They've tried to exorcise all the old deep-dish demons. The restaurant is painted classic blue and white. It's clean and decorated with pieces of Greek culture. There are Greek murals on the wall, classic statue replicas, traditional clothes on display and a map of Greece on the place mats.

    The Greek Flame is far from fancy, but it's a nice alternative to fast food, especially if you're taking the kids out. The staff went out of its way to remind me how cute my son is. They also had a bunch of toys to keep him out of trouble while I read the laminated menu.

    We sampled two appetizers. I found the saganaki ($4.95), a flaming cheese, to be an appropriate start. Just like the lighting of the Olympic torch, the cheese is set on fire and carried to the table. The fire is put out with lemon, which adds to the flavor. It tasted even better when wrapped inside a warm pita. I also enjoyed the spanakopita ($4.50), a light dish of spinach in a flaky phyllo dough.

    I'm a relatively large man, so I ordered the "Hercules platter" ($9.95), which features large samples of four dishes. The gyro meat, a combination of beef and lamb, was served in thin shavings. It was tender and appropriately seasoned. The dolmades – grape leaves stuffed with ground meat and rice – were fine. I enjoyed the mousaka, layers of eggplant, ground beef and potato topped with béchamel sauce. Also delicious was the pistichio, a lasagna of ground beef and noodle, also topped with béchamel.

    While Hercules and I were celebrating the thrill of victory, another member of our party was tasting the agony of defeat. She ordered a shrimp-and-garlic special ($10.95). While the shrimp was fresh and tasty, a couple of the jumbos were served without being properly cleaned (oops!).

    After the shrimp slip-up, our table bounced back quickly with dessert. The Greek coffee ($1.25) gave us a lift somewhere between espresso and Cuban coffee. The baklava ($1.95) was obviously homemade, as was the galaktobouriko ($2.25), a Greek custard with phyllo dough.

    Overall I was satisfied. The food is fine, and when it's time to pay the bill, you won't have to groan. A family of four can get their fill for about 40 bucks.

    Creperies appear to be blossoming all over the city, be they comfortable restaurants like Pointe Orlando's La Creperia Café or humble food carts like downtown's Crepe Company. Winter Park's Green Lemon Café likely falls into the fast-casual category, but husband-and-wife owners Amanda and Rob Volence certainly don't foster a dine-and-dash mentality. Like the cooks, they're always up for a chat; during quieter moments, the original paintings hanging on the café's colorful walls beg for a closer examination and, if one's wallet allows, purchase. But unlike the art, the food served here won't break the bank ' most items hover around the $7 mark, offering affordability without sacrificing taste. A plus: Only Boar's Head meats are used in their savory crepes, salads, sandwiches and paninis ' a definite notch above the grade of meat offered a couple of doors down at Subway. And with the Whole Foods Market in the same shopping plaza, Green Lemon should, theoretically, have a steady base of customers filtering out of the grocery store's doors and into theirs.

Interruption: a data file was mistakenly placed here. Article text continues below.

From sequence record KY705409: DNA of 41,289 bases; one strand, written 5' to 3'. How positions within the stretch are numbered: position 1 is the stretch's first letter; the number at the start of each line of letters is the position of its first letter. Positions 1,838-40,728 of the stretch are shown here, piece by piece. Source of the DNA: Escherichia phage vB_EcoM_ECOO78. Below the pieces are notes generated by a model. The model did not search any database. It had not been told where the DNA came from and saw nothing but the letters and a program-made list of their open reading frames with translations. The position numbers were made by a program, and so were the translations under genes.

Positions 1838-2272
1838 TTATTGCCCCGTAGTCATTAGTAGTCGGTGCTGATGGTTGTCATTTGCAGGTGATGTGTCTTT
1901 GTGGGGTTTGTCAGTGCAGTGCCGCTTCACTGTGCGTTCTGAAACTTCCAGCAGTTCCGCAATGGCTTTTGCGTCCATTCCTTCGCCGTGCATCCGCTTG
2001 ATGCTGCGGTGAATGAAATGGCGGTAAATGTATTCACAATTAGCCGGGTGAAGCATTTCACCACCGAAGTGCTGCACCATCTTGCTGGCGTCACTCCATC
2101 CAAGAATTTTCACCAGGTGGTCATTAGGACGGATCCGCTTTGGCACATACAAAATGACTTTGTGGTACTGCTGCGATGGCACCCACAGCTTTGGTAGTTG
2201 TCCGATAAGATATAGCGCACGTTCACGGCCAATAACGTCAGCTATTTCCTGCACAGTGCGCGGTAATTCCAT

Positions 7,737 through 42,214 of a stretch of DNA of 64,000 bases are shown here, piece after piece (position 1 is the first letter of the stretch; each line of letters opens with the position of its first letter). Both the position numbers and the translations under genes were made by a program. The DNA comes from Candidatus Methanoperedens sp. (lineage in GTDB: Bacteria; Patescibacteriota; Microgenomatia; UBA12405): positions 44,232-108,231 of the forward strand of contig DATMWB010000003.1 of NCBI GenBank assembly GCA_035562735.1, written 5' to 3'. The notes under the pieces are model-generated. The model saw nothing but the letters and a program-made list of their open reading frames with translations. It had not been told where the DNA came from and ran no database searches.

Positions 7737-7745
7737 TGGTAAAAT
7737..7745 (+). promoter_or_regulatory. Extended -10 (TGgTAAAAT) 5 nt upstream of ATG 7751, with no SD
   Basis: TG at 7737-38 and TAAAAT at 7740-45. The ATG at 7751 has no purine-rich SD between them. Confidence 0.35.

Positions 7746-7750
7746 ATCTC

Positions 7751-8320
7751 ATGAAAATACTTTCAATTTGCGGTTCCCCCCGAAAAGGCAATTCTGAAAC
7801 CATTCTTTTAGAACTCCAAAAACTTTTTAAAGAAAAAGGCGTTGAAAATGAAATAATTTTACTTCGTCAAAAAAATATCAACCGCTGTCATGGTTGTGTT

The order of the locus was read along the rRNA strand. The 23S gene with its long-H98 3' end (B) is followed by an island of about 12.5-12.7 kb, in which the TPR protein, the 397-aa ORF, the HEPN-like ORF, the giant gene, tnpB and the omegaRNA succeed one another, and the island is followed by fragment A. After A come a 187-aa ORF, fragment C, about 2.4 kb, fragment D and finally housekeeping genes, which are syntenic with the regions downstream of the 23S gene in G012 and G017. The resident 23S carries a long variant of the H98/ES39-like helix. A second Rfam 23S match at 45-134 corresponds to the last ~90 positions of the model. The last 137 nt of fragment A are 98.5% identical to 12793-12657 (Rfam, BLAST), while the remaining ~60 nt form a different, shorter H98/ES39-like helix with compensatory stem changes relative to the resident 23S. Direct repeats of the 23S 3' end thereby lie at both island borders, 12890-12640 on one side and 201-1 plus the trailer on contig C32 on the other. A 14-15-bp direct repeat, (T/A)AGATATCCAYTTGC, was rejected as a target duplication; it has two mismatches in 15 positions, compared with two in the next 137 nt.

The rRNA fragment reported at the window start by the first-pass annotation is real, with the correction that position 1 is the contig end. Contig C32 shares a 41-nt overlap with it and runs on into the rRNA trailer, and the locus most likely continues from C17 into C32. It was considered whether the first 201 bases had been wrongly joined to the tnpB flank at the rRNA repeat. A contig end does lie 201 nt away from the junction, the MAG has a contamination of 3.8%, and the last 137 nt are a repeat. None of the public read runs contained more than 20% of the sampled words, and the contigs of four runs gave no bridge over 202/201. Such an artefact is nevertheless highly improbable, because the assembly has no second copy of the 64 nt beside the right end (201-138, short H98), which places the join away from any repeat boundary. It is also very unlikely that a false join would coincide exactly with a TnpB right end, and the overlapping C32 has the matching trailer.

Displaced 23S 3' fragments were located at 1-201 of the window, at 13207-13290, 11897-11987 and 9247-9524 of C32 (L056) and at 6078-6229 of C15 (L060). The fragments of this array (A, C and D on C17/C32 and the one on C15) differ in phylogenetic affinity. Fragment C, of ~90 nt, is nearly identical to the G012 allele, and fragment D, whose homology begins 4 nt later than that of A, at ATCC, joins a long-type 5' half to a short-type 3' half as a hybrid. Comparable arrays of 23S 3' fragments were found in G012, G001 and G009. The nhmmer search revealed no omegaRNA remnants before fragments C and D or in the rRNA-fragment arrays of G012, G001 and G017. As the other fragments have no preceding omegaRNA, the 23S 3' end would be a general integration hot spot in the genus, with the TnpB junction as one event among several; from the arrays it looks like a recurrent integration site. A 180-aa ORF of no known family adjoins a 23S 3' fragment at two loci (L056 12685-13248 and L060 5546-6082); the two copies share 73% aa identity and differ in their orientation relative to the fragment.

In fact, a few happened to walk in the evening of my visit proclaiming ignorance of the café's existence, grabbing a few takeout menus, then enviously peering at the pesto-heavy chicken Florentine crepe ($7.50) I was so gleefully devouring. The thin-fried envelope packed a flavorful wallop with a proper proportion of chicken, spinach, onions, mushrooms and cheddar-jack. The turkey brie ($7) posed a lighter, more subtly flavored option, with green apple slices adding a mild sweetness. (They didn't skimp on the brie, either.) If you opt for the sizable 'black & bleuâ?� roast beef'and'blue cheese crepe ($7.50), the irony of the café being sandwiched between Marie-France and Omaha Steaks won't be lost. OK, it probably will, but that won't take away from the sandwich. I happened to glance at the turkey bacon panini ($7.25) one of the cooks was chomping down on during a break and it, too, looked worthy of ordering.

    But when it comes to crepes, the pièces de rèsistance lie on the sweeter side of fried, so I was a little disappointed in the absence of my favorite ' crepes suzette ' from the selections listed on the menu. The fact they're not licensed to sell alcohol may have something to do with it, though that may change in the coming weeks. Until then, the Green Lemon crepe ($4), with lemon and sugar, is the closest thing, but you're better off going with a more filling option, and there are plenty. The Southern Comfort crepe ($5.50) is a viscous mélange of peanut butter, bananas and chocolate sauce, while the 'caramel delightâ?� ($4.50) can be made a seasonal delight with the addition of cinnamon apples for a buck extra. A separate 'dessert crepesâ?� category listed items that were entirely too rich and decadent for my tastes, but if you're the type that gets a kick out of Oreo crumbs or s'mores in your crepes, have at it.

    There's a scene in Talladega Nights where Ricky Bobby gets his arm broken for refusing to utter the words, 'I love crepes.â?� After enjoying one here, you likely won't need your arm twisted. And if you don't, there's likely another one on Green Lemon's menu that'll squeeze the sentiment out of you.

    There's a scene in Talladega Nights where Ricky Bobby gets his arm broken for refusing to utter the words, 'I love crepes.â?� After enjoying one here, you likely won't need your arm twisted. And if you don't, there's likely another one on Green Lemon's menu that'll squeeze the sentiment out of you.